Ellen Gawler is a celebrated fiddler, masterful in many styles, including Irish, French-Canadian, Maritime, Shetland and New England. Her fiddling possesses sparkling clarity, authentically rooted in tradition while at the same time inventive and playful. Her lively delivery of traditional fiddling has sent many a contra dance hall into whirling delight with soaring melodies and driving rhythms. (more)
     
  • Ed Howe

    Born into a musical family, Ed started playing fiddle at the age of 4, learning Suzuki method. His musical interests cover a wide spectrum from Bluegrass to Celtic and beyond and he has been a regular instructor for Maine Fiddle Camp since 2003. Howe has an extensive electronics background, and took an interest in the electric violin. He plays a 5-string NS Design electronic violin and is a featured artist on the NS design artist page. (more)
     
  • Elaine Malkin

    Elaine Malkin has played the violin since the age of five and prefers a clean, crisp, yet ripping, New England fiddle style. She was a part of the resurgence of contra dances in the early seventies in Maine, having learned from Otto Soper and Dudley Laufman. In her spare time she plays with horses, photography, and trains dogs for agility competitions. See the web site www.northstarsisters.com.
     
  • Steve Muise

    Steve Muise has been fiddling his family's Downeast Style for many years. (His parents are 1st and 2nd generation Nova Scotians) He founded the Franklin County Fiddlers, a group of high school musicians that tours around Maine and way beyond displaying, promoting and learning about fiddle styles. Steve is a graduate of Berklee College of Music, and is a stringed instrument teacher in the MBRSD schools (Farmington area). Steve was honored with the "Maine Music Educator of the Year" award in 2007 from MMEA. Steve enjoys playing all styles, ranging from Downeast (maritime), Québécois, Celtic, and jazz, and can be seen playing music with his dad Paul, Boréal Tordu, Frigate, Muisette and the Franklin County (more)
     
  • Kaity Newell

    Kaity teaches fiddle in Damariscotta and has played for dances for many years with The Maine Country Dance Orchestra, and with the band The Lady Bugs. A native of Great Britain, Kaity has brought many a fine tune from the British Isles to our local dances. Kaity also plays viola in the local community orchestra and has four children, all of whom play music and come to camp every year. 7 Creek Lane Damariscotta ME 044543 207-563-8440
     
  • Lilly Pearlman

    Lilly Pearlman has grown up in Maine immersed in the musical traditions of Scotland and Cape Breton, performing with family band Highland Soles since the age of nine. Through her experiences living and studying in New York City and Salvador da Bahia, Brazil, she has continued to explore and incorporate influences from various other musical genres--from bluegrass to samba to funk-- into her unique Celtic-based fiddle sound. (more)
     
  • Julia Plumb

    Julia lives and teaches fiddle and clawhammer banjo in Belfast, Maine. Equally at home on the stage and on the dance floor, Julia loves the percussive interplay between traditional music and dance forms and has enjoyed soaking up bits and pieces from players and dancers throughout New England and in Québec, Ireland, Brittany, and the southern Appalachians. Julia plays with Baron Collins-Hill in their duo Velocipede (www.velocipedemusic.com) and loves connecting people with music and dance. In addition to teaching at camps and in face-to-face lessons, Julia maintains freefiddlelessons.com, where she creates YouTube fiddle lesson videos and learning materials. Julia has achieved her 2010 goal to make her life more like Maine Fiddle Camp!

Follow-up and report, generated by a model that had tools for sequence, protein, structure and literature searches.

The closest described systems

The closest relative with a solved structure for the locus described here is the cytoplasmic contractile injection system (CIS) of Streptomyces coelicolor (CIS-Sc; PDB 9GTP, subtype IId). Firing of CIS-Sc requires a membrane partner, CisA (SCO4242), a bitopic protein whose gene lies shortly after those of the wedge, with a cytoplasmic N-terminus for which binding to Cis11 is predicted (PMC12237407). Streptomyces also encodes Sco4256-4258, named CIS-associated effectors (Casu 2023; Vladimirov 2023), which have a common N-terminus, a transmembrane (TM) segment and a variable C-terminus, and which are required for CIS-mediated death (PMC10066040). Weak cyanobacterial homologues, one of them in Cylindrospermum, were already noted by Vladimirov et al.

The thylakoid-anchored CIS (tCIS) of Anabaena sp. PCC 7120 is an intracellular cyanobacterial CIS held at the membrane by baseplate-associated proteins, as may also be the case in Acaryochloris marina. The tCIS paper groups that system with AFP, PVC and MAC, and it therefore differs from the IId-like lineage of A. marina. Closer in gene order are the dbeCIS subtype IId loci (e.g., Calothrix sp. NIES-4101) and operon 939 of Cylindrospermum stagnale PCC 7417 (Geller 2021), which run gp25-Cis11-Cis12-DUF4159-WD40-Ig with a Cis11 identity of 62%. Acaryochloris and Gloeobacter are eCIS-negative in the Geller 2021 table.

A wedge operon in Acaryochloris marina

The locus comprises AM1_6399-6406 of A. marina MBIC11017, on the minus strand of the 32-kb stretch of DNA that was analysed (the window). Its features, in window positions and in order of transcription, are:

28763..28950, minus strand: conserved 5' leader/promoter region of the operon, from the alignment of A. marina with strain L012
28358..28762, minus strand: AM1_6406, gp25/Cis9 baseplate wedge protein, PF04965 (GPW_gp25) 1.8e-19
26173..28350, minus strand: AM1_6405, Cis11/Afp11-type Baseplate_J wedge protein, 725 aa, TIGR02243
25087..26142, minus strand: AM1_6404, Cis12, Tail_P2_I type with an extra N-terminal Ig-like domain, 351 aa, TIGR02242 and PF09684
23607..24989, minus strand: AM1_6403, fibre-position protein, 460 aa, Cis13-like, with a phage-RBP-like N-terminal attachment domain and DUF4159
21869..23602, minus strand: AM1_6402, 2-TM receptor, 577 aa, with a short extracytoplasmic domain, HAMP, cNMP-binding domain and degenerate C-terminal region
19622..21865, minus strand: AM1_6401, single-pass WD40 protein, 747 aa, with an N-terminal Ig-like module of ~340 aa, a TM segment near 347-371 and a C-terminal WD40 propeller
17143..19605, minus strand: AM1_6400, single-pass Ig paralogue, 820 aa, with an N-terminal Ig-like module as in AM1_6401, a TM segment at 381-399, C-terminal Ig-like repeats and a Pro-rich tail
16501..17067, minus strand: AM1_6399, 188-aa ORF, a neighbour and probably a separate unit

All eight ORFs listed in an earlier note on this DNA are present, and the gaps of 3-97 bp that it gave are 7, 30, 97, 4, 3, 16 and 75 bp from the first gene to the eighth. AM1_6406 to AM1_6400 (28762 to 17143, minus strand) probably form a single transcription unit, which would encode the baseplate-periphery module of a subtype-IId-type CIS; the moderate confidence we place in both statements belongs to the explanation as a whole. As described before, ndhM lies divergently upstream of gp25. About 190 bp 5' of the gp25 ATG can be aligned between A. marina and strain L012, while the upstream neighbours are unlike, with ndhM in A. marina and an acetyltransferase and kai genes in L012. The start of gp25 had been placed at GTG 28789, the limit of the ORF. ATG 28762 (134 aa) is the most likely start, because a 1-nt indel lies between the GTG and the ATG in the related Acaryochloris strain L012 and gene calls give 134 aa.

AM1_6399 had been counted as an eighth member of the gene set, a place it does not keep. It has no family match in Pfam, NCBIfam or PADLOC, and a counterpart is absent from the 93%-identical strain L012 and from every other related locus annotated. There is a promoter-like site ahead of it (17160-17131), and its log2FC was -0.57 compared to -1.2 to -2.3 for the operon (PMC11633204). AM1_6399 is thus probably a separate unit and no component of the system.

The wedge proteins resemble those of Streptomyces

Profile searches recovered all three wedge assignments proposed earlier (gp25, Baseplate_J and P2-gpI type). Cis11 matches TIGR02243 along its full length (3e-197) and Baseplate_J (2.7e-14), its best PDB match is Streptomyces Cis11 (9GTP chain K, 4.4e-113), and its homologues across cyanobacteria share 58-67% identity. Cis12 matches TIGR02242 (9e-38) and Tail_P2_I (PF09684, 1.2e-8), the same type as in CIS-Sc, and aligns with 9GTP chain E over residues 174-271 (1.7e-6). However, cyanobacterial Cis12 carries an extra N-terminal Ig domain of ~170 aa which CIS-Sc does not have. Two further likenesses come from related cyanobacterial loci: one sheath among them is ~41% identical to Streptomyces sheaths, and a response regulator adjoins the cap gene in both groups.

• Alden Robinson

    Alden Robinson learned to play the fiddle as a child growing up in coastal Maine. His earliest lessons came from Tamora Goltz, Katie Newell, and from the teachers at Maine Fiddle Camp. In college, he studied Irish fiddle in Ireland at University College Cork, and in several pubs. For the past five years or so he has toured and recorded with The Press Gang, an Irish trad band from Portland. He also loves playing for contra dances and performs to several dance bands, including "Riptide", which features Owen Marshall and Glen Loper. (more)
     
  • Maggie Robinson

     
  • Lissa Schneckenburger

    A new England fiddler and folk singer, Lissa grew up in Maine as an active member of the folk music and dance community, where she cut her teeth as a musician at a very young age. She has continued to explore music throughout her life, leading to her graduation from The New England Conservatory of Music in Boston, Massachusetts (2001). Her list of mentors includes Greg Boardman, Alasdair Fraser, David Kaynor, and Hankus Netsky. While embracing a diverse pallet of musical influences, she still stays true to her New England roots. For more info on Lissa, check out her website at www.lissafiddle.com
     

    August Week II (August 14-19)

  • Jennifer Armstrong

    Visit Jennifer's website (http://www.jenniferarmstrong.com/). 233 Poors Mill Road Belfast ME 04915 207-322-2265
     
  • Louisa Engle

    Louisa started playing violin as and eight-year-old through her public school's strings program. In high school, she taught private violin lessons to younger students. Her music became more fiddley by the day. As a sophomore at Marlboro College, she founded a contra dance band, named "Wendy and the Lost Boys" by their admirers. The band studied with musician Keith Murphy. Louisa then hosted a monthly contra dance series that ran for four years. (more)
     
  • Ellen Gawler

    Ellen Gawler is a celebrated fiddler, masterful in many styles, including Irish, French-Canadian, Maritime, Shetland and New England. Her fiddling possesses sparkling clarity, authentically rooted in tradition while at the same time inventive and playful. Her lively delivery of traditional fiddling has sent many a contra dance hall into whirling delight with soaring melodies and driving rhythms. (more)